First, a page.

Charles and Ray Eames were two of the most influential designers of the 20th Century. William Cook looks at how the pair worked together to create designs that still inspire today.

Charles and Ray Eames are most famous for their iconic chairs, which transformed our idea of modern furniture, but this was merely one facet of their work. They were graphic and textile designers, architects and film-makers. If they’d confined their efforts to just one of these genres, we’d still be talking about them today. Yet they spread their talents far and wide, becoming two of the greatest designers of the 20th Century.

In 2018, it’ll be 40 years since Charles died, and 30 years since his beloved wife and creative partner Ray (born Bernice Kaiser) passed away. And their groundbreaking work remains as influential as ever, with a new exhibition at the Vitra Museum exploring the careers of this dynamic couple.

Charles was born in 1907, in St Louis, Missouri. He studied architecture at Washington University but dropped out after two years to start his own architectural firm. He married his college sweetheart and had a daughter, but it was meeting two brilliant Finnish architects, father and son Eliel and Eero Saarinen, which changed the trajectory of his life. Eliel encouraged him to resume his studies at Cranbrook Academy of Art in Michigan. It was here that he met Ray, who became his second wife in 1941. They moved to Los Angeles, and worked together from the start.

“We don’t do ‘art’ – we solve problems” – Charles Eames

In Michigan, Charles and his good friend Eero had built a new type of chair from a new material called plywood. Now, in LA with Ray, he started to refine this process, but their plans were interrupted by World War Two.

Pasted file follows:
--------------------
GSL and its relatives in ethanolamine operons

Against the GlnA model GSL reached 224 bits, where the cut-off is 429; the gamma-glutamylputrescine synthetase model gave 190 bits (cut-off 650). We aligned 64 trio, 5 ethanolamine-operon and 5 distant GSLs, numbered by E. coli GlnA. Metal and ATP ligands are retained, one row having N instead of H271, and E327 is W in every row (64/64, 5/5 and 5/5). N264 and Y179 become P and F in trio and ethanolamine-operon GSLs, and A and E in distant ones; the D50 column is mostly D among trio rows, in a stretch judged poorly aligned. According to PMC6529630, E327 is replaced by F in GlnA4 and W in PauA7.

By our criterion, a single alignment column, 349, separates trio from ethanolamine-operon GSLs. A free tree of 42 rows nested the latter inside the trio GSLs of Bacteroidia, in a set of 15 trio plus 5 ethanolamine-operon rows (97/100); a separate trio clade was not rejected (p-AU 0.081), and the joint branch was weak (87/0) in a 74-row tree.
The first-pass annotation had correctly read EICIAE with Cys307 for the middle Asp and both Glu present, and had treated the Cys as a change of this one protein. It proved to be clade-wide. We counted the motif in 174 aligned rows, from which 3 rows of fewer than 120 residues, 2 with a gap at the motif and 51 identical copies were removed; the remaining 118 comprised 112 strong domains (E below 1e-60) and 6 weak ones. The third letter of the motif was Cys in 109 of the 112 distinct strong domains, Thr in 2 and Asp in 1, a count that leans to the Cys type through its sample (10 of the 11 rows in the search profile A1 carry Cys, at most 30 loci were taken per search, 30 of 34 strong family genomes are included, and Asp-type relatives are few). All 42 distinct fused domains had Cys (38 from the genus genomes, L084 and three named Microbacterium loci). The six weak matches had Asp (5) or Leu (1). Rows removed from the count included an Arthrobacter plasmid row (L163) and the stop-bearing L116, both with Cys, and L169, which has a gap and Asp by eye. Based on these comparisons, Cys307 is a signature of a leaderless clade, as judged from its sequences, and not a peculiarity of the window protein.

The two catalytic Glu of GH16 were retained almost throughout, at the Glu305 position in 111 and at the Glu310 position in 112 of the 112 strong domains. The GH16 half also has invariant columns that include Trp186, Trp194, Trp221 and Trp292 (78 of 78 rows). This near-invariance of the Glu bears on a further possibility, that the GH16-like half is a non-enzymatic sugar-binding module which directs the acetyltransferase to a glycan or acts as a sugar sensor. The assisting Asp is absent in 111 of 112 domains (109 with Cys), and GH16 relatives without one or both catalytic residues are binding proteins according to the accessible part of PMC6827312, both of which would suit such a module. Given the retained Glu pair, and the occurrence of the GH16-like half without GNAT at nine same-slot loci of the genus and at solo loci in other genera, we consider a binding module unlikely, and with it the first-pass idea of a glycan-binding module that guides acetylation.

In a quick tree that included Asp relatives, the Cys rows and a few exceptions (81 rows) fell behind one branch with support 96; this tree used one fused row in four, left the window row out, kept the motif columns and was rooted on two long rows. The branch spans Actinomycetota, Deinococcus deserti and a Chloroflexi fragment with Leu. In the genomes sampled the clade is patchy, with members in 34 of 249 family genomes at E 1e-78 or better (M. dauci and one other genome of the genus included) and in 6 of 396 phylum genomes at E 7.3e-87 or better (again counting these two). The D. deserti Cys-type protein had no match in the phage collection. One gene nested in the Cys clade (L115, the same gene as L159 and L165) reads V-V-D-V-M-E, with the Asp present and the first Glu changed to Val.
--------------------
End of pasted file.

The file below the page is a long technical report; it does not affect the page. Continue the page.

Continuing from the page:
With so many wounded soldiers, there was an urgent need for a new type of splint. Charles and Ray made one out of plywood. It was supremely practical, but its practicality gave it an accidental beauty. That splint became a template for their work. “We don’t do ‘art’ – we solve problems,” explained Charles. “How do we get from where we are to where we want to be?”

Designs for life

After the war, a new generation of suburbanites wanted a new kind of décor, and Charles and Ray provided it. Their mission statement was bold and simple: “We want to make the best for the most for the least.” Charles likened a good designer to a good host, anticipating the needs of his guests. The furniture they made was stylish and, above all, fit for purpose. No wonder it became the house style of America’s new moneyed middle class. In 1947 they established their own studio, the Eames Office, in Venice, LA. For 40 years, it set the standard for every avenue of design. “We think of ourselves as tradesmen,” said Charles. “People come to us for things.”

“What works good is better than what looks good because what works good lasts,” said Ray. In fact, the two things went hand in hand. This was not a new concept. The Bauhaus had pioneered this functional approach before the war. However Charles and Ray made it mainstream. Their designs were pleasing and accessible, attractive to young executives, not just artists and intellectuals. Charles introduced modernist design to middle America, but it was Ray who softened its hard edges, and gave it mass appeal.

Born in 1912, in Sacramento, California, Ray had trained as an artist, learning to paint in New York under the German Expressionist émigré Hans Hofmann. She didn’t feel that her eventual career strayed far from her initial studies, saying: “I never gave up painting, I just changed my palette.”

Charles understood that Ray was an equal partner in their creations, and he was always eager to acknowledge her integral role. “Anything I can do, Ray can do better,” he said. But the wider world was slow to recognise her talents. This was the era of Mad Men, when even the most gifted women were often regarded as mere wives or secretaries. Ray was frequently forgotten, or dismissed as her husband’s little helpmate.